Power and Energy Ministry has since January 2019  submitted multiple Cabinet papers seeking approval for varying quantities of emergency power. In June 2019  Cabinet approved the purchase of 200MW from a Turkish Karpowership barge for six months and another Karpowership barge for nine months. They are being contracted without tender. The CEB has already bought 100MW of emergency power from Aggrekko International, Altaaqa Alternative Solutions of the United Arab Emirates and V Power Holdings of Hong Kong.

ELECTRICITY (2)

Power, Energy and Business Development Ministry is planning to dip into the consumers’ deposits to the tune of billions of rupees, says Electricity Consumer Rights Movement the Ministry was planning to obtain permission to utilize the money of the electricity consumer deposits of the Ceylon Electricity Board. They were    planning to take Rs. 1.45 billion from  CEB  and Rs. 500 million from Lanka Electricity Company (LECO) without paying an interest to the consumer. According to  Section 28 of the  Electricity Act  CEB and LECO had to pay an interest on consumer deposits. They have not done so for years.  Yahapalana government   has taken steps to remove the Section 28 from the Electricity Act to enable the CEB and LECO to use the consumers’ deposits as they wished.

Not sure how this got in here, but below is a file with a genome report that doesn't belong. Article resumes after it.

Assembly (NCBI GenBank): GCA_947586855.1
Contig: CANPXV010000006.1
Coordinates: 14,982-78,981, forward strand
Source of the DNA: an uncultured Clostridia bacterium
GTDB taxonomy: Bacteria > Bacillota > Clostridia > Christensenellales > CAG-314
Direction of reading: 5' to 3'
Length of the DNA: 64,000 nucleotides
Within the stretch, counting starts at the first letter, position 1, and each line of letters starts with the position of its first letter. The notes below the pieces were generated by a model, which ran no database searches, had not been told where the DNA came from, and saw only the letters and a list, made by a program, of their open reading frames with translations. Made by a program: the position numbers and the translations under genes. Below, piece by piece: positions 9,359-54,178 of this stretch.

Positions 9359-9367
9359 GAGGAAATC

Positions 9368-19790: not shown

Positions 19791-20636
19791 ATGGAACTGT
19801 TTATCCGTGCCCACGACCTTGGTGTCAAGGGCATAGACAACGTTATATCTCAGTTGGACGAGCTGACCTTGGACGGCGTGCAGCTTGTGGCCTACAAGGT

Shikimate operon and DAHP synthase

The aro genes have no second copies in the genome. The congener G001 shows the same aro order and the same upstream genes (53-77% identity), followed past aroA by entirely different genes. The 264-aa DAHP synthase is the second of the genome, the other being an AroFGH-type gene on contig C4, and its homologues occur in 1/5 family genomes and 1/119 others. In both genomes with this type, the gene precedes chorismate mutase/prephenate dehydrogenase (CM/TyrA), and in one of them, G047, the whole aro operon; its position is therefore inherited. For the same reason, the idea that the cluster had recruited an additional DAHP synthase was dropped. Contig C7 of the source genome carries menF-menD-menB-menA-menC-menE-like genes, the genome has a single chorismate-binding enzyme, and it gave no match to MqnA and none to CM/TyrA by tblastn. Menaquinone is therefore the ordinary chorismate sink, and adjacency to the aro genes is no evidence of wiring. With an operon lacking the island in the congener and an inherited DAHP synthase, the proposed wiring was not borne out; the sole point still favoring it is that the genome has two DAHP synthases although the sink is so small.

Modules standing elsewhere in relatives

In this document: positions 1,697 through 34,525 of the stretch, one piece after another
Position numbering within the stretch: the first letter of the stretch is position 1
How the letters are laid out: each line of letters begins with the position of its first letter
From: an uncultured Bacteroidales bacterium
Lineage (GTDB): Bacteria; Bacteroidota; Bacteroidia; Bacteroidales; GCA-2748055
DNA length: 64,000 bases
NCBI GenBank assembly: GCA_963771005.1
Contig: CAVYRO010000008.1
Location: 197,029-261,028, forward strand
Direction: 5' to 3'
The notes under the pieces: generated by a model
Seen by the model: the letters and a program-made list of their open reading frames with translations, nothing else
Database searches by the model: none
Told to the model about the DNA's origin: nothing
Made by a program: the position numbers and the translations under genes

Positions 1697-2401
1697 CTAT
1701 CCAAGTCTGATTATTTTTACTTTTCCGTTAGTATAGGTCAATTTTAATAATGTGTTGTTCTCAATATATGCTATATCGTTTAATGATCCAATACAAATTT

ELECTRICITY (3)

Since Minister Karunanayake took over the ministry in January, he has floated various emergency power proposals; contracted barge-mounted electricity outside accepted procurement procedure; and ordered the Ceylon Electricity Board (CEB) to appoint 27 personal nominees as coordinators to projects that have not even been initiated,  said Dushana Vidu Nethin  ,an association of professionals.

“We also noted that the Minister of Power and Energy has taken various steps to halt solar power development in Sri Lanka. [He has taken]  steps to increase the electricity tariff. This  would drastically affect the development of solar power in the country as there will be no incentive for people to purchase roof top solar power plants”.Minister Karunanayake is also attempting to reduce the PUCSL’s status of Economic, Technical and Safety regulator” to only “safety regulator” and “ombudsman” of the electricity industry, said Dushana Vidu Nethin.